But Sonne has another motivation besides good business: he has a young son with autism, and hopes his successful example will create more opportunities for people with autism. Many of the employees at Specilisterne were unemployed for decades, because they were considered by most employers to be too out-of-sync socially and too distractible to be good workers.
Mads, another employee at Specilisterne, told ABC News he hadn’t been able to keep a job in 20 years before landing his current job. He told us, “Most of my colleagues are like me … we have in common to be weird.”
A chill went down my spine when I saw this headline – apparently the new National Survey of Children’s Health, last conducted in 2003, has now set the prevalence of autism spectrum disorders at 1 out of every 91 children (up to now the conventional prevalence statistic has been 1 in 150).
The study is published in the newest issue of Pediatrics, a respected peer-reviewed scientific journal, and is based on surveys of 78,000 parents on the health of their children by government researchers.
I don’t really question that the researchers found a much higher prevalence, but I do have questions about whether more cases are being identified on the milder side of the spectrum. I’m personally convinced there is more autism generally, but that at least some portion –maybe the biggest portion–of the increase is due to a broader definition of what constitutes an autism spectrum disorder. For example, many adults who today say they have Asperger’s Disorder would not have been diagnosed as having autism when they were children.
I haven’t had a chance to read the full journal article but will weigh back in on this when I do.
I love this! USA Today has a story on a new app for the iPhone or iPod Touch that can be used to help people with communication disorders — like some non-verbal children with autism — communicate with others:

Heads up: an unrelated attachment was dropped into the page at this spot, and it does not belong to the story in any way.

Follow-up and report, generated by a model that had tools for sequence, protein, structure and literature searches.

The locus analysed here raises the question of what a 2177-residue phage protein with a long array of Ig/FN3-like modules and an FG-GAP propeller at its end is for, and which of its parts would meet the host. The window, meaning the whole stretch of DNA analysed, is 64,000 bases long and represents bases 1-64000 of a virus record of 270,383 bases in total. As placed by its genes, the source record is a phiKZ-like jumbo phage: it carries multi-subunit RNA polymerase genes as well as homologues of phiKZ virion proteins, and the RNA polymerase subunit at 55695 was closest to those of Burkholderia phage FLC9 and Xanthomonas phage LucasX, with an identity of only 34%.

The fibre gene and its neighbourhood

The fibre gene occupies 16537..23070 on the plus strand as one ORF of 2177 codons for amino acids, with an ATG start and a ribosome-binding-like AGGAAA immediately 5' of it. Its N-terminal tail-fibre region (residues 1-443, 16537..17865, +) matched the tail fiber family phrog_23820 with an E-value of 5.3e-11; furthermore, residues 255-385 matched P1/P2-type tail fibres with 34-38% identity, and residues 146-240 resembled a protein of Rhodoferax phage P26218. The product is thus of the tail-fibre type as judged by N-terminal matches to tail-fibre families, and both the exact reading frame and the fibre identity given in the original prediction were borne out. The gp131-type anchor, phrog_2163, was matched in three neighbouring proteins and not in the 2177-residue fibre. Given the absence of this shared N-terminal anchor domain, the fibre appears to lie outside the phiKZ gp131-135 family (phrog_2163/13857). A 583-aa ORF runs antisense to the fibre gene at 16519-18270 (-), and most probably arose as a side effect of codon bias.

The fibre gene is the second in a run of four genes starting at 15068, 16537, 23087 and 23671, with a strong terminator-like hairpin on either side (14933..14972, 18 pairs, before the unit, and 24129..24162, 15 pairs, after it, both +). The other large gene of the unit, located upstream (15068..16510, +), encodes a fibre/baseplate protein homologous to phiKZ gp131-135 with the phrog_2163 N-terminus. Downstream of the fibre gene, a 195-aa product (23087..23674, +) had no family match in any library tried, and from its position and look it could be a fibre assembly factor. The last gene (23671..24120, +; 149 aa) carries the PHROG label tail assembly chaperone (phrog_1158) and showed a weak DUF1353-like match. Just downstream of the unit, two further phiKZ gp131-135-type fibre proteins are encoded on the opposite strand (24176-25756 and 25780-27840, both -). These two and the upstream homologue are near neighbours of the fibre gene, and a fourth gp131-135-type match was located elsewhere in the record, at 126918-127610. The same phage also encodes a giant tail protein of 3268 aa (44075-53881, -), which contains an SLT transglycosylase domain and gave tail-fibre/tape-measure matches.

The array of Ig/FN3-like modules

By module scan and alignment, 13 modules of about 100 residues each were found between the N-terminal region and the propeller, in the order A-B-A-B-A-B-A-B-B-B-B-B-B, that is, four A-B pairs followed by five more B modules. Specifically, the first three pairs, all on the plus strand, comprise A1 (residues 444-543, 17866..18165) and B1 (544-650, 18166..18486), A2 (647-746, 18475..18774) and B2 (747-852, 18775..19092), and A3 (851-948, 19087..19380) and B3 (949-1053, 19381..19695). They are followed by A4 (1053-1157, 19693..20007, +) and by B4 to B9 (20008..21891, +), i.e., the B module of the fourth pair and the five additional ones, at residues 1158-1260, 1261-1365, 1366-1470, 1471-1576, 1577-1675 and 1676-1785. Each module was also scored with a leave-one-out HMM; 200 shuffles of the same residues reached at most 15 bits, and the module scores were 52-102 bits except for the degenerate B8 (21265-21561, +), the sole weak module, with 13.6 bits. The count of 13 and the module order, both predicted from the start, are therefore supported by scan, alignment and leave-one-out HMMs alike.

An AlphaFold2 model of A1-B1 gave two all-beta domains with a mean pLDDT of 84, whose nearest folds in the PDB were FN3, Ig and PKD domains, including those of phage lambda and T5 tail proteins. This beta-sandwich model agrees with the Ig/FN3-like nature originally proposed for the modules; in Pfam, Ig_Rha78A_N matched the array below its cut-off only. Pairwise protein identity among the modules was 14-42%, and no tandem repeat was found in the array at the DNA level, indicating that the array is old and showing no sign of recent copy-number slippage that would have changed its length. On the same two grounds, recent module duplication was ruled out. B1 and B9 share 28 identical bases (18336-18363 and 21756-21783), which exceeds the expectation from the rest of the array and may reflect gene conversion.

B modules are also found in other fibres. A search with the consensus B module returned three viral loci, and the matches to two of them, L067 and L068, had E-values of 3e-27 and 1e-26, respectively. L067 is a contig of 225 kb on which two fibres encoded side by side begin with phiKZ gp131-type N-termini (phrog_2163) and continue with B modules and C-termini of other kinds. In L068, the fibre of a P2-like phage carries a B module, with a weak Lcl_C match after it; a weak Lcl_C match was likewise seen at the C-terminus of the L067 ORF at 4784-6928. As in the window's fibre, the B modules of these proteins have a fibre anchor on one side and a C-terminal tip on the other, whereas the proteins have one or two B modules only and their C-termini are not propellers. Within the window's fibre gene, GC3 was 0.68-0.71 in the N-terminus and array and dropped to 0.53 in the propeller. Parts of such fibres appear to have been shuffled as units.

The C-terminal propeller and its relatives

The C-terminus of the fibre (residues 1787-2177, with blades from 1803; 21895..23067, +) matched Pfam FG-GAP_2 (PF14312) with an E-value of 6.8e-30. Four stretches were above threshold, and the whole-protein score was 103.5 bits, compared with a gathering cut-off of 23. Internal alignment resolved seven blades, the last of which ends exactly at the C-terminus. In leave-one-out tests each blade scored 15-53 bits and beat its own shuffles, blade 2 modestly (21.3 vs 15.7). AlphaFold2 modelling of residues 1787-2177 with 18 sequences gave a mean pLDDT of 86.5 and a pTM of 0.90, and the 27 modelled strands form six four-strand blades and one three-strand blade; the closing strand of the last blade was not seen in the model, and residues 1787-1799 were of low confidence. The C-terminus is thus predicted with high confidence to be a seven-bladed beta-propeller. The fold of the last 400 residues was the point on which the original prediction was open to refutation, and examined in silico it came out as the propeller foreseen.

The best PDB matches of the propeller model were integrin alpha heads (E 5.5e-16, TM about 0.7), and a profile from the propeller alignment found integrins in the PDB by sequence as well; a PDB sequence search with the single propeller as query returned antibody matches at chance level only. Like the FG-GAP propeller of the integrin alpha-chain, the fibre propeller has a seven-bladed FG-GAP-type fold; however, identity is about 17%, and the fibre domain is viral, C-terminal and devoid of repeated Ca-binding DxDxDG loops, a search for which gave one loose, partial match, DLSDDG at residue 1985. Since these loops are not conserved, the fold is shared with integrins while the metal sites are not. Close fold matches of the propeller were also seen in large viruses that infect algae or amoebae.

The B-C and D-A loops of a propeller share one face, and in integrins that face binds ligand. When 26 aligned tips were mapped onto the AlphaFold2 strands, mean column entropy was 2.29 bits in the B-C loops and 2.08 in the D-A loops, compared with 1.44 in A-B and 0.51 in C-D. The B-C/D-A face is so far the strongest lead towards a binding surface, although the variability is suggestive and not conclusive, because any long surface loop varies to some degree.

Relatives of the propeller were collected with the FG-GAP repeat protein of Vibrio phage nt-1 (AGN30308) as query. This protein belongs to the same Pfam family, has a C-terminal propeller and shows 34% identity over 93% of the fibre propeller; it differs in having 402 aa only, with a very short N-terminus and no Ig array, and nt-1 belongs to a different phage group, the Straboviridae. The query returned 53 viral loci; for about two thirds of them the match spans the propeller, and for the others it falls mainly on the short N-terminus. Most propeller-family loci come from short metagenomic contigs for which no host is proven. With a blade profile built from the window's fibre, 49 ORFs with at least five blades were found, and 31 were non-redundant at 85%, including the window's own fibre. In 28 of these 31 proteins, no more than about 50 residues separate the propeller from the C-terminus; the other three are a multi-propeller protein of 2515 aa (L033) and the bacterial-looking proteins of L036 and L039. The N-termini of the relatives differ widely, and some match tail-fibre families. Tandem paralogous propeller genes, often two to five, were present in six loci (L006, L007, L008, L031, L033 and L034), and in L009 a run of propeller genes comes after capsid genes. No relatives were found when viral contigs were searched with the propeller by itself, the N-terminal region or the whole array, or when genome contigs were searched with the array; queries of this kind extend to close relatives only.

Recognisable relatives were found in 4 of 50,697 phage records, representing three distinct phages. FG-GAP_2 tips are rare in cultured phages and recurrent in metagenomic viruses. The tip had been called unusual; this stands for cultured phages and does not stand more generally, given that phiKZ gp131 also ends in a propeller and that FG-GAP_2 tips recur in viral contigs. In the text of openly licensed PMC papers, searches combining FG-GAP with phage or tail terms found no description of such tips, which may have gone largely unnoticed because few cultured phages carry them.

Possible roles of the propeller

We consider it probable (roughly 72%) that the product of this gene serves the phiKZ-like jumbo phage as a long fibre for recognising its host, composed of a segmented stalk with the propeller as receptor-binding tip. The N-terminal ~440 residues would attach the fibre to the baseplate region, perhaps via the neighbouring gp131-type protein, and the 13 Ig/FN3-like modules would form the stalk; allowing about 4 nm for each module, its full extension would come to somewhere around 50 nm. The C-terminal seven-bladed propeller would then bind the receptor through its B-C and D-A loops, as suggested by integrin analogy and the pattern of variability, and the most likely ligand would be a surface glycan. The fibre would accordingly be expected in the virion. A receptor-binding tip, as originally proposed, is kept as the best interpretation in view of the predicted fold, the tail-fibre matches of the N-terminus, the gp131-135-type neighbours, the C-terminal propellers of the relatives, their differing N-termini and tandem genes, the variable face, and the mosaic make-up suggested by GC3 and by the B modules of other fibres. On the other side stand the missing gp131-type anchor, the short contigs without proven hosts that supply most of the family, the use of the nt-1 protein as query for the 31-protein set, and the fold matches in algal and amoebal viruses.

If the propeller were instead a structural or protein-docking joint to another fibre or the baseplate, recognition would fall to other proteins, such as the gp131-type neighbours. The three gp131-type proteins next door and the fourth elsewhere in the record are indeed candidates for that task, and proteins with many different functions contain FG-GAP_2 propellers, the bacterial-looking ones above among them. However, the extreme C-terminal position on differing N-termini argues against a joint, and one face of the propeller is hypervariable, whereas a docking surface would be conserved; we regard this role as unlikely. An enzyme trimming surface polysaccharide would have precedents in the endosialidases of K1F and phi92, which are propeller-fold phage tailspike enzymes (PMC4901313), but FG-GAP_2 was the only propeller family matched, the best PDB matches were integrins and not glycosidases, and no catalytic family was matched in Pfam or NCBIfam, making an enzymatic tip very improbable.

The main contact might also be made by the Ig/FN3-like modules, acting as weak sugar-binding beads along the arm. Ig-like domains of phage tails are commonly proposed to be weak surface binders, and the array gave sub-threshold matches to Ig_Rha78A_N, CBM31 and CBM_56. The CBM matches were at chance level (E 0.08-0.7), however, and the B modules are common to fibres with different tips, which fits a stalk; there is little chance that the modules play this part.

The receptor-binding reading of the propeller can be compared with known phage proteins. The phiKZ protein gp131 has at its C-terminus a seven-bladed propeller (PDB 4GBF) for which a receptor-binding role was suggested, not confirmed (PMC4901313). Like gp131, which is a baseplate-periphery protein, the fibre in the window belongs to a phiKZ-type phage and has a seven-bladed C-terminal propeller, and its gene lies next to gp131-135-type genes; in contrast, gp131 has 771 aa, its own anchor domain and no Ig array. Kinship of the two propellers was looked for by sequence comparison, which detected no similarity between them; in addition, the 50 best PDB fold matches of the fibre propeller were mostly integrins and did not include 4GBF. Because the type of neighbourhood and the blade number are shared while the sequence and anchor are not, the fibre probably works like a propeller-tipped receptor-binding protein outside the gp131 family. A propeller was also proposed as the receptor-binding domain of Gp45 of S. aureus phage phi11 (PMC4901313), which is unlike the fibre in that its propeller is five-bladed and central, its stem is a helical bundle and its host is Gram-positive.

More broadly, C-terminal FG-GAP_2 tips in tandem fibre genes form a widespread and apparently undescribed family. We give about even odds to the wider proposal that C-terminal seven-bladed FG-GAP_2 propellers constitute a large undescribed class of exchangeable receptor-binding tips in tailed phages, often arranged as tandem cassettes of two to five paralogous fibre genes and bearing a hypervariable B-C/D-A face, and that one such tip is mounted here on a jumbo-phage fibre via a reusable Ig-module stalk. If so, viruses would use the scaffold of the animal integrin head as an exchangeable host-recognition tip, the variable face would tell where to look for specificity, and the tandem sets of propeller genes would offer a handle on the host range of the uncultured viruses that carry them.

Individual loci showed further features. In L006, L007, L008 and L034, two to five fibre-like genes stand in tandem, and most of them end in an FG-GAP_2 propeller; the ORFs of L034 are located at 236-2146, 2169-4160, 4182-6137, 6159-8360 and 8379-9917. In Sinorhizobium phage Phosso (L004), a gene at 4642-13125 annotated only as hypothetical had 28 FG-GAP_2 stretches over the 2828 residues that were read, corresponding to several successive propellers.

JW [a boy with autism] goes everywhere with the slick touch-screen mp3 player strapped to his arm. It lets him touch icons that voice basic comments or questions, such as, “I want Grandma’s cookies” or “I’m angry — here’s why.” He uses his “talker” to communicate with everyone — including his service dog, Roscoe, who listens to voice commands through the tiny speakers.
Read the full article >>>
Over the weekend I had the privilege of seeing Carolyn Doyle’s “Confessions of a Refrigerator Mother” at the Marsh Theater in San Francisco. Ms. Doyle’s 70-minute monologue is about her family life, particularly life with 9-year-old Joaquin, who is severely autistic. (“Refrigerator mother” is a reference to a now-discredited theory by Leo Kanner, the psychiatrist who first identified autism. Kanner believed that autism might be caused by a lack of warmth or affection shown by mothers towards their babies).
Ms. Doyle’s show is funny, unbearably sad, and overall, a very true picture of a family coping with autism. Bravo!
Taking a break from election results . . .
Tonight ABC-7 has a very interesting story featuring my good friend Feda Almaliti, who successfully took on her insurance company to pay for treatment for her son with severe autism. Kaiser told Feda that her son’s issues were purely educational, and told her to go to her local school district to get them to provide the intensive behavioral treatment he needs.
After several frustrating years and lots of hard work, Feda won an independent medical review of her son’s case and was awarded comprehensive behavioral treatment at Kaiser’s expense. While her case does not set a legal precedent, I think it exposes a huge issue in special education and a real opportunity for school districts to join with parents to argue that health insurance companies should pay their fair share of the sometimes very high cost of treating autism spectrum disorders–which are both medical and educational in nature. It’s almost laughable (if it didn’t make me want to scream) to hear a Kaiser executive say in Part II of the piece that “schools have traditionally said they are responsible for these kinds of interventions.” Oh, really? That would be news to the California School Boards Association. (It’s also interesting to listen to the raw interview with Sharon Levine, the Associate Director of Kaiser Permanente.)